SEATTLE — Perhaps the most pernicious characteristic of poverty is its ability to corner families and individuals into a low standard of living for the long term. Without a means of finding employment, or even dinner for that matter, escaping poverty can be an impossible feat.
Further, businesses are hesitant to join forces with anti-poverty initiatives as they tend to not generate a great deal of revenue. A cheap initiative to facilitate upward mobility for the poor is necessary in moving towards a solution to poverty.
In Paraguay, social entrepreneur and founder of Fundación Paraguaya Martin Burt created a possible solution. Through an online 30-minute survey, families can trace their own poverty map and develop and implement a clear plan to overcome it. The survey is known as the Poverty Stoplight. This tool has been used in 18 countries and has attracted global attention from the private sector.
Technologies such as Burt’s Poverty Stoplight have been changing poverty reduction platforms in the modern age. In this case, technology enables people to self-diagnose their own level of poverty in 30 minutes using a smartphone or a tablet. Traditionally, tests similar to this survey required a government official to administer and evaluate the results. The Poverty Stoplight removes this middle man and allows a streamlined survey to assess and plan on an individual basis.
The results gathered from the survey include details on whether families have access to proper sanitation, whether their children have been vaccinated and 48 other components. Not only is the system simple and accessible, but the customized plans allow individuals to get unique plans that will work with their needs and environment.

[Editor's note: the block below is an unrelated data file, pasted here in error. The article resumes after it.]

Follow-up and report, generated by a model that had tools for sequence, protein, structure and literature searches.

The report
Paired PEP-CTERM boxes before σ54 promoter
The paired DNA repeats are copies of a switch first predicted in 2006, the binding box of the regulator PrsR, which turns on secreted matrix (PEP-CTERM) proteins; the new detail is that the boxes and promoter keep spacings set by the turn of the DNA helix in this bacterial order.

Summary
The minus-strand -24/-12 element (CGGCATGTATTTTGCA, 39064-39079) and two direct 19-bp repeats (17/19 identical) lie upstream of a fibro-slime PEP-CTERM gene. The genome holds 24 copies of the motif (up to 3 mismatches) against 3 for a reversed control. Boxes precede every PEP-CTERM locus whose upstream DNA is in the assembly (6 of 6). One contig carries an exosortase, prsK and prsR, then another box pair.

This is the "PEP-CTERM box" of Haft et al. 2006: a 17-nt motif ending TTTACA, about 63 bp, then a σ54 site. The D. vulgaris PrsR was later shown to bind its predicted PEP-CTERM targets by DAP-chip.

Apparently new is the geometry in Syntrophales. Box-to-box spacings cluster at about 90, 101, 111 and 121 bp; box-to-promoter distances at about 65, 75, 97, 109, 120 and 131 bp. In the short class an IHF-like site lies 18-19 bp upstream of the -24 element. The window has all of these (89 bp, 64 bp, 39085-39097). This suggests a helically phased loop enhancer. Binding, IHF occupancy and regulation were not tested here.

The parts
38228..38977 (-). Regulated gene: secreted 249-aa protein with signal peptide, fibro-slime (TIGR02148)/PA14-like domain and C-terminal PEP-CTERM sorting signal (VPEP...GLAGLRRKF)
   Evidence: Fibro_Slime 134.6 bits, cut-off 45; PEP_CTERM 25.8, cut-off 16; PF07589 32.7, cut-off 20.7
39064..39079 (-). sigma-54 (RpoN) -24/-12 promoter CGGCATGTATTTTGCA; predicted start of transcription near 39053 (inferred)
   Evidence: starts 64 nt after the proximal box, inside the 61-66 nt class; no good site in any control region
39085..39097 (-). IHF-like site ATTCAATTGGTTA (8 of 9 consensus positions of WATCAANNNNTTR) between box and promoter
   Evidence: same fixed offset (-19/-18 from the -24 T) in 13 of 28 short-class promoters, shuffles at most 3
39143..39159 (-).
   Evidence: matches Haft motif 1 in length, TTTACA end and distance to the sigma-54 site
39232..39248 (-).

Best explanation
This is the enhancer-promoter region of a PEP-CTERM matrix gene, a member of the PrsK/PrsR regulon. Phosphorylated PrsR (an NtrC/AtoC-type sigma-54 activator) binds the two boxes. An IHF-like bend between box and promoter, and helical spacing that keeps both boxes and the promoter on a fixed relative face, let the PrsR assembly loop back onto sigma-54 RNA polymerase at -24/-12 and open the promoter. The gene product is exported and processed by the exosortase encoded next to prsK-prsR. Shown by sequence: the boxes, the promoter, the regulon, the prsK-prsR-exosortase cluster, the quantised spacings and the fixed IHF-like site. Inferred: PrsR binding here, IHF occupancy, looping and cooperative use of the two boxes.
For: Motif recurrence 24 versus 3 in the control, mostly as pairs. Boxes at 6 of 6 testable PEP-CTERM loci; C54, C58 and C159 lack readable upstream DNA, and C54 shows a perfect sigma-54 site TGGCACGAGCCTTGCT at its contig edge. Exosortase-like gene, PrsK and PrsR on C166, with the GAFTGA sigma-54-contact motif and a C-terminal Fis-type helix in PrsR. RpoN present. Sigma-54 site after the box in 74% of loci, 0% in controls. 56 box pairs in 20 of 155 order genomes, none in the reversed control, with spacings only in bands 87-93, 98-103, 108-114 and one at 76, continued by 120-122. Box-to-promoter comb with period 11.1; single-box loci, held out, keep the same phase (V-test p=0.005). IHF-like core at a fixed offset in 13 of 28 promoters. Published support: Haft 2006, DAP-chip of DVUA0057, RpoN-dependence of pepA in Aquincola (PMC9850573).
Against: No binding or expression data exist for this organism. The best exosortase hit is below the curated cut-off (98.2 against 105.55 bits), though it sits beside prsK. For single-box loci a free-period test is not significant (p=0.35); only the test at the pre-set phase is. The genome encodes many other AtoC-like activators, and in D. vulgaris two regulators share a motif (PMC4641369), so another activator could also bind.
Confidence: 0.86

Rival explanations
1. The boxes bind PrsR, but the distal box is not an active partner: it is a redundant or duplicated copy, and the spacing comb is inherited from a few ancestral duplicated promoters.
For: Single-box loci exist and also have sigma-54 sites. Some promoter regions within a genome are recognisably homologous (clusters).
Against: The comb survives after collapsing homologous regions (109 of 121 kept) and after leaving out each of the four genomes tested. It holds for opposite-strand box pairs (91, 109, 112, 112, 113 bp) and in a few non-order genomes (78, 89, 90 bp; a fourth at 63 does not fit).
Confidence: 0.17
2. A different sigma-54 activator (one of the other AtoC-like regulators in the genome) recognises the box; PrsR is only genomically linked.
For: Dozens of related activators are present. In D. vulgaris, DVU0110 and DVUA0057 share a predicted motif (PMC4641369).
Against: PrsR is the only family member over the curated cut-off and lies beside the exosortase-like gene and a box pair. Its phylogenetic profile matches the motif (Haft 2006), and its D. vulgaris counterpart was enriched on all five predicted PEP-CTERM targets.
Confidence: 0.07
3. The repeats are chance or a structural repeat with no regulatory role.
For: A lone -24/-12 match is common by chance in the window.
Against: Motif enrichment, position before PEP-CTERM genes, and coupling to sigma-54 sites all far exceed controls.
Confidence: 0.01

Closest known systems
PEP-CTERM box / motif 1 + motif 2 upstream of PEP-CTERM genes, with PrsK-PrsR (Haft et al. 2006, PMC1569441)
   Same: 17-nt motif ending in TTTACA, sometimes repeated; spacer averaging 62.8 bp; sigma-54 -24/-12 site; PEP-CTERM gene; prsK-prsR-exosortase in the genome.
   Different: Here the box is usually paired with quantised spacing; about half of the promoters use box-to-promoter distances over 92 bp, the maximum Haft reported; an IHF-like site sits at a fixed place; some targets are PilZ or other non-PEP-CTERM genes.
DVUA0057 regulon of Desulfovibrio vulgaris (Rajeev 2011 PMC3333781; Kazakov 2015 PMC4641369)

Some questions that the survey intends to provoke include “What are my priorities?” and “Who has resources available in the community who can help me?” With the information gathered from surveys, Poverty Stoplight is able to determine need in specific areas. For example, if access to wheelchairs is of high concern based on survey results, NGOs providing wheelchairs will be able to use that data to help address the problem.
Overall, the mobility and low barrier of entry of the Poverty Stoplight can help speed its success. As this industry grows in the coming years, there could be significant changes in the ways local communities and global powers fight poverty.
– Sarah Coiro